INDIANAPOLIS – The Colts finish up their week of practice this morning before departing for the east coast tomorrow afternoon. Today's news looks at the calming influences of Tom Brady and Andrew Luck, Pep Hamilton versus Bill Belichik and what the Patriots offense will be facing in the Colts defense.
Take a look below at the top pieces fromThursday, January 9th.**Brady, Luck demand more of their receivers**By: Stephen Holder, Indy Star
Holder looks at the two quarterbacks in Saturday's divisional matchup that have been mainstays for the entire season.
When Brady and Luck square off on Saturday, they'll each be doing so after having adapted their games to new, unfamiliar receivers without sharp declines in production or wins.
For all that's required of NFL quarterbacks – read defenses, change plays, understand schemes – there are, perhaps, few things more valuable than the ability to get the most out of the players who surround them.
In the case of Luck, it's become clear he is dangerous whether throwing to Reggie Wayne or the likes of LaVon Brazill. And where Brady is concerned, he has proven that whether his featured receiver is tight end Rob Gronkowski or little-known Julian Edelman — who went from a career-high 21 receptions last season to 105 this season — he can be effective nonetheless.
"Over the course of playing a few years we lost certain guys at certain points in the year," Brady said. "I think the main thing is just to try to figure out what you need to do as an offense to still be productive. You can lose a tight end or receiver or running back at any point in any game, and no one really feels sorry for you at that point. You just got to figure out a way to get as many yards and score as many points as you can."
**Hamilton vs. Belichick will be one of Saturday's key matchups**By: George Bremer, The Herald Bulletin
When Bill Belichick hangs up the whistle one day, he will eventually be inducted into Pro Football Hall of Fame.
This week though he's the opposing Colts coach and Belichick spoke very highly of Indianapolis offensive coordinator Pep Hamilton.
"We know that they had a lot of success last week against Kansas City, and we certainly have to be ready for that," Belichick said. "Maybe that will be what we get, but maybe that will be more of a game plan for Kansas City. Maybe they'll look at us differently, maybe they won't. We'll just have to wait until Saturday to see on that. But Pep looks like a very game-plan oriented coach, and it's hard to predict exactly what they're going to do from game to game."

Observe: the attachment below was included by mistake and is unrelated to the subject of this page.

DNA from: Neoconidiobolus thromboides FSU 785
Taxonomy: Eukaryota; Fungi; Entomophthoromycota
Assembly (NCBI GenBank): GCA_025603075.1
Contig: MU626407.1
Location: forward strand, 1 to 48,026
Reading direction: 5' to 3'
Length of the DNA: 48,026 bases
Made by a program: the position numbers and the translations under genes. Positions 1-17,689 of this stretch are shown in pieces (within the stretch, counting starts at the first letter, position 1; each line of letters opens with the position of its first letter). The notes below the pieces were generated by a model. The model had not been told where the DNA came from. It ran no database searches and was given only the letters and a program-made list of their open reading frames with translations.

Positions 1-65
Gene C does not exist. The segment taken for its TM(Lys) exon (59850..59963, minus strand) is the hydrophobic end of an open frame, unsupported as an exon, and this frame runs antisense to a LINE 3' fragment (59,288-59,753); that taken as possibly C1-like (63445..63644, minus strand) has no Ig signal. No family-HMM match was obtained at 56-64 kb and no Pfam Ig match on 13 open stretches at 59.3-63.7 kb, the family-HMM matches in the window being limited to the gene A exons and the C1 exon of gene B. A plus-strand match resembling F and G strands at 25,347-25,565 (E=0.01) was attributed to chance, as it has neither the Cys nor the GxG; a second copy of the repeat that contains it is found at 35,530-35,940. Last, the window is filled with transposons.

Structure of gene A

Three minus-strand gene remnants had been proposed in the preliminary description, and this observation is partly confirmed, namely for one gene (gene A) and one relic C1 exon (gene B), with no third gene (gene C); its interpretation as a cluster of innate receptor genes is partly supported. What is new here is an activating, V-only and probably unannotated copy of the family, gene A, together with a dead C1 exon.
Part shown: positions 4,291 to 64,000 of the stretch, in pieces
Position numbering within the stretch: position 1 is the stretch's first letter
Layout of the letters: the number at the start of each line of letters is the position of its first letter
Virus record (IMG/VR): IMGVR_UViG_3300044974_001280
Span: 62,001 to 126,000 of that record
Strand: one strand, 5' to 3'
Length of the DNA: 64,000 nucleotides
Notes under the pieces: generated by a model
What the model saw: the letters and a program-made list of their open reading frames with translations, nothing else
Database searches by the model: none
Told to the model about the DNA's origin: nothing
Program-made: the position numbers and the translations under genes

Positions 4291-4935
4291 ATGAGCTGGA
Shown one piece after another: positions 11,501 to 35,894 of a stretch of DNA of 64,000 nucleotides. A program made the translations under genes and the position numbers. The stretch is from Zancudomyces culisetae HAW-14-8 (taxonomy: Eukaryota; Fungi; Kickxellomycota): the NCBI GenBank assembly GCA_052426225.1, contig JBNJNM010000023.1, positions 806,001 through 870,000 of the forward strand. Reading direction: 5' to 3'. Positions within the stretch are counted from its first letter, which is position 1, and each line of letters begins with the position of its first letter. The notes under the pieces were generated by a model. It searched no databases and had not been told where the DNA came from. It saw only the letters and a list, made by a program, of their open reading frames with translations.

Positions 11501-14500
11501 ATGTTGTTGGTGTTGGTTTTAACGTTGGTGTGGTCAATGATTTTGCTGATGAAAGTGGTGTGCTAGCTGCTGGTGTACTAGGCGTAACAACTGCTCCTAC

Some of this certainly is gamesmanship.
Belichick is a master of mental warfare, and he'll seek any advantage he can get. But the battle of wits between the league's foremost defensive-minded head coach and the Colts' rising young offensive coordinator will be one of the game's most important matchups.
Hamilton has been down this road before, helping to devise game plans to attack some of Belichick's best New England defenses from 2003-05 as an offensive assistant for the rival New York Jets.
That experience showed Hamilton just how difficult the challenge can be. The Jets went 0-6 against the Patriots in those three seasons, averaging 11.7 points per game.
"I think you know they're going to be well-prepared and well-versed in all the different disguises and the different things that they feel like they can do to try and create uncertainty for our offense presnap," Hamilton said. "It'll be a tremendous challenge. I coached in the same division for three years with Coach Belichick, and it was always truly a chess match."
**Indy philosophy on ‘D’ right up Tom Brady’s alley**By: Jeff Howe, The Boston Herald
While the Belichick/Hamilton matchup is intriguing this week, less attention has been made of the Colts defense facing Tom Brady.
"They're actually a vanilla defense," said wide receiver Kenbrell Thompkins, who also noted the defensive backs' talent and athleticism on the outside. "The DBs happen to play a lot of off coverage. We'll probably have some freedom on the outside if we actually run some catch-and-run routes to be able to get the ball quick and be able to get going downfield. I think they do a great job of playing a lot of sound defense."
Some noticeable trends, both positive and negative, pop up while studying the Colts pass defense. First, while the linebackers and defensive backs are often in the chase position, they're excellent tacklers, and there are very few yards to be had after the catch.
Second, cornerbacks Vontae Davis and Darius Butler defend the vertical routes very well because of their athleticism. That's partly why they play off the line, because they've got good range, hip movement and athleticism to break up throws outside the numbers. Yet, those routes don't suit the Pats' strengths anyway, and a likely lack of Aaron Dobson would further that notion.
Finally, the Colts do a decent job of disguising their coverages before the snap, though their blitzes don't appear to be terribly frustrating. One key after the snap involves the inside linebackers in their 3-4 base. While the corners play a lot of man and concede inside patterns, the availability of those routes will be determined by inside linebackers Jerrell Freeman and Kelvin Sheppard.